Diane Keng: Yeah, I think there’s definitely lots of variations and flavors of personalization that you can get online. I think the big one comes down to if you are an enterprise, it’s really common that you have to spend like six to nine months implementing before you can try something that’s actually relevant and test it out and say, “Is this the right approach for my business?” And so one of the things we really pride ourselves in is this ability to do crawl, walk and run. So this approach allows a big brand that is unsure around the type of personalization that will be really relevant for their brands and effective, they should start off with something that’s a little bit more lightweight, test it out, see if it’s able – then get it to that next stage where you can actually walk, right? So maybe taking a banner that you have on your site and making it dynamic. So you don’t need engineers to actually get new promos onto the site; let’s start by crawling and then do the walking. Now can we actually be smarter and say, Diane typically is a person that, I don’t know, is a planner, so I always use shipping, because I’m not in a hurry to get a case of wine today, right? So I’m okay if I wait a few days before it gets here. And so being able to resolve that and saying Diane is actually going to be really really, you know, interested in maybe like a shipping promotion versus a 30 minute delivery promotion, and then leveraging that. Then the running is now can you combine different types of content together. So promotion plus the product plus discovery. And when you blend all these things together, then it’s a no brainer, why the consumer wouldn’t actually convert with you. Right? So for us, when we actually work with our business today, we think about how we can expedite, expedite all the implementation process and get actually more towards the finish line. We’ll always say like, crawl, walk, run is super important. Work internally with your team to really zone in on what those business goals are. And how you want personalization to come into play. We always joke like split testing a box and deciding if the button is red or green. That’s not personalization, personalization has to do with behavior. And given your browsing behavior in this moment, we know that you’re interested in this. So let’s get you what you need in the shortest amount of time possible. And then the third one, of course, you know, not to toot our own horn, right, but partnering with the right vendor to actually expedite some of the processes. And so they’re not just like standalone tools that you’re building in-house or like a hodgepodge of different tools that you’re putting together, that like you’re kind of hacking together to make work, or really finding a partner that understands your current marketing tech stack. And fitting into that ecosystem was the connector between them all; I think is really important. So those are kind of my three, I would say, tips for at least businesses that really want to increase the speed of getting their personalization efforts up.

Amanda Razani: So first, really understanding the customer needs, and then taking it slowly, one piece of the puzzle at a time, and then good collaboration. What do you think is one of the biggest challenges that businesses face today when it comes to overall digital transformation initiatives?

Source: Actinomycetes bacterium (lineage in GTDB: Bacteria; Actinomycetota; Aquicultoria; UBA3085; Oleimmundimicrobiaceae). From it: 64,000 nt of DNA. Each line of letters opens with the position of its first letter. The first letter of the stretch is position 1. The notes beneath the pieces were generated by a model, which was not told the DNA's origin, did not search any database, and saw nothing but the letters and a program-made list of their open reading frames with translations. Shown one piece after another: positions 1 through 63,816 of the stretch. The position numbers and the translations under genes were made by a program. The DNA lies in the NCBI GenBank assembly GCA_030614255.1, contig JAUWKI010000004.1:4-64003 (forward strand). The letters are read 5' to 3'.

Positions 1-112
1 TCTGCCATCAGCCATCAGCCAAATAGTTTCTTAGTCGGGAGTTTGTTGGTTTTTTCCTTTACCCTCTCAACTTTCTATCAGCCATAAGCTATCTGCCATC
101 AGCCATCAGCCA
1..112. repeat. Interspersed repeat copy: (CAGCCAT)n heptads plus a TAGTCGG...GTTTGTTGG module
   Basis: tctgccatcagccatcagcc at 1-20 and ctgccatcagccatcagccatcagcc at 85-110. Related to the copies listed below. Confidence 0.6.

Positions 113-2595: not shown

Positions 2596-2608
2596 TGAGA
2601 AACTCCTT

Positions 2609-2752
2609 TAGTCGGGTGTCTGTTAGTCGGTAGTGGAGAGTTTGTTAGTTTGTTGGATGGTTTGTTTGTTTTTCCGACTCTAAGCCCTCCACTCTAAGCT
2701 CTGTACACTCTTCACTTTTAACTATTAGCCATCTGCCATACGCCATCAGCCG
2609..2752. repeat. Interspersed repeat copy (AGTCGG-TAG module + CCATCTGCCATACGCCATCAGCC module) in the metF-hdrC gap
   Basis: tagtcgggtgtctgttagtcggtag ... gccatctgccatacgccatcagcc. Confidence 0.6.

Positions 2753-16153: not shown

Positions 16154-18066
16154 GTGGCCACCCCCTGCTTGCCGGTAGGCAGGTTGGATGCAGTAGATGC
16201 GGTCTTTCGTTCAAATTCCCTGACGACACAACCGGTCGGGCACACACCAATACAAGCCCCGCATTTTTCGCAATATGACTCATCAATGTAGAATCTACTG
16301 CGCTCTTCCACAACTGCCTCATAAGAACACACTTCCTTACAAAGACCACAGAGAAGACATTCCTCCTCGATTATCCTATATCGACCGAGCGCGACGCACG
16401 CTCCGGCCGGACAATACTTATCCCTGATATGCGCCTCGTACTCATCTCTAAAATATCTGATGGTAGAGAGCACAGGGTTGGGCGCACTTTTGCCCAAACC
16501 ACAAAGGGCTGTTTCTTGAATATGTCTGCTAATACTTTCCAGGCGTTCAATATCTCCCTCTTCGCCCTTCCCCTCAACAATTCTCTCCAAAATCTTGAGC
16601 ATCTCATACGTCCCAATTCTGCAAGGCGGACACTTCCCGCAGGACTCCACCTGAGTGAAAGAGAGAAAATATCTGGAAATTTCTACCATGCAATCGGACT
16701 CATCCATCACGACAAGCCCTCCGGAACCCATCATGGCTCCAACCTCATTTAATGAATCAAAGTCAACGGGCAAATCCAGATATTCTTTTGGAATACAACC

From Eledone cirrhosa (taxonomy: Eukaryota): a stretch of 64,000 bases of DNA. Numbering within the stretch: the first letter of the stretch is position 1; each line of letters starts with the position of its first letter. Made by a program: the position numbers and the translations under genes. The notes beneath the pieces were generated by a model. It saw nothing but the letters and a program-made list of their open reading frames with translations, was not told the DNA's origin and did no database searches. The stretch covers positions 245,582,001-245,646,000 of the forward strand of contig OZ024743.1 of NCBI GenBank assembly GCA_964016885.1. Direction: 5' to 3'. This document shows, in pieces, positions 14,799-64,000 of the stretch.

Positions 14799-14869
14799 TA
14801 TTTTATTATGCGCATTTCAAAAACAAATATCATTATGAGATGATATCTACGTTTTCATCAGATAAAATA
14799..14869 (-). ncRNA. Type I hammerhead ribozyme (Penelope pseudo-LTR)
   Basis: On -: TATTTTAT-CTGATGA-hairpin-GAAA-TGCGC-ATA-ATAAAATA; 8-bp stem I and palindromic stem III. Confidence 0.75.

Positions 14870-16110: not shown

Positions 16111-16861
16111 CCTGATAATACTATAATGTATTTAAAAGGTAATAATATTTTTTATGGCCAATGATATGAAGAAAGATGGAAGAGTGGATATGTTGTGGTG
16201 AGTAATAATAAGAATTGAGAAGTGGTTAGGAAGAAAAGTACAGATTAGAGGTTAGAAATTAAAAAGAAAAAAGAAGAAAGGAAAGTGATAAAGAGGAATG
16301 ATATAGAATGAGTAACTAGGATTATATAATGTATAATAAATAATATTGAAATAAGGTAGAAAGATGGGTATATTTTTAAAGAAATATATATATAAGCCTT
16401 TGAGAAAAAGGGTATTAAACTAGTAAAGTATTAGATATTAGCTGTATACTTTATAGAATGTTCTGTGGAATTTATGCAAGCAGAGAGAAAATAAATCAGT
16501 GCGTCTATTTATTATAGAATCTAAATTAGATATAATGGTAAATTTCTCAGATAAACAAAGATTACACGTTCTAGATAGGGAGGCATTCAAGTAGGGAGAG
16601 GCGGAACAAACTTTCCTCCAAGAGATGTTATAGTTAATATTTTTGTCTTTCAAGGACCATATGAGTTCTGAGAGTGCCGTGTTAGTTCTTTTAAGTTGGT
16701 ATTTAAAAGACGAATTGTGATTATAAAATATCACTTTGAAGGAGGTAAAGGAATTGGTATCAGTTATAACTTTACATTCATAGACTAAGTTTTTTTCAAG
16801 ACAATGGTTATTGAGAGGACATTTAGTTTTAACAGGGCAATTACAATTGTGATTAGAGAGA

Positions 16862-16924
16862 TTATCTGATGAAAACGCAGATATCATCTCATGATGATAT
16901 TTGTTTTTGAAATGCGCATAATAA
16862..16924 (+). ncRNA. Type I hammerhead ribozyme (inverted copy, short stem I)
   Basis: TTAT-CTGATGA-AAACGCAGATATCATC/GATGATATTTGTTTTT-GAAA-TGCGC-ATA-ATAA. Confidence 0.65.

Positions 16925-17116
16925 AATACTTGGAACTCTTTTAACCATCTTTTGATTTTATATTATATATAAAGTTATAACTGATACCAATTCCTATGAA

Diane Keng: Let’s say the three that we probably see the most across all of our retail partners is, one, their teams are big. And there’s lots of different departments and teams. And so you could imagine there’s like an e-commerce team. There’s a CRM team, one site manages the website, the other one manages email. And so how can you get them to essentially collaborate on projects that have to cover both – like omni channel. And so when you have that many departments all working on different initiatives, the communication between them, as well as the ownership around who kind of owns that experience, can be a little bit muddled. And so we find that that’s usually the first place that can be kind of a challenge for many brands, when they want to think about digital transformation, and then I think the next part is probably that there’s a lot of tools that are already put into the system, right? So usually you have your own commerce tool, and then like an ESP email service provider, and they don’t necessarily talk to each other. So how can you make the technology really kind of overlap so that they can leverage the data across these different insights? I think that’s a tough one as well, especially if you’re a brand that doesn’t sell software, right? Like I get it, if you’re like Google or Amazon – awesome, you have amazing smart engineers. But if you’re a retailer that sells, I don’t know, alcohol, for example – like it’s really hard to bring on engineers that will take over and architect the whole data structure for everything. So I think that usually the next part is a technology barrier. Then the third one, I would say, is usually there’s a mismatch of expectations between what leadership wants to achieve and the sense of personalization. And what are the executional steps to define that the personalization is working? Sometimes initiatives come from board mandates and they’re like, we got to get personalization up and in the moment, because they’re so in the weeds building it up. Got that the purpose of personalization is all about consumer first. And how do you know it’s actually relevant metrics? And so a lot of times a lot of brands get so excited to build, build, build. And then two months later, they realize, oh, how do we actually decide that this was better? Because, naturally, businesses over time, seasonally there are cycles, right? So how do you attribute that the success of new revenue came from this initiative versus maybe because a pandemic was coming? Right? Like how do you decide which one it was? And so our third area, I think, where a lot of the personalization, kind of, I think barriers and challenges are deciding how do you extract that this was the value and not be stuck in the weeds of trying to build all this and then finding the right people to actually build it? I think those are kind of the three main areas we usually see for why digital transformation could be hard.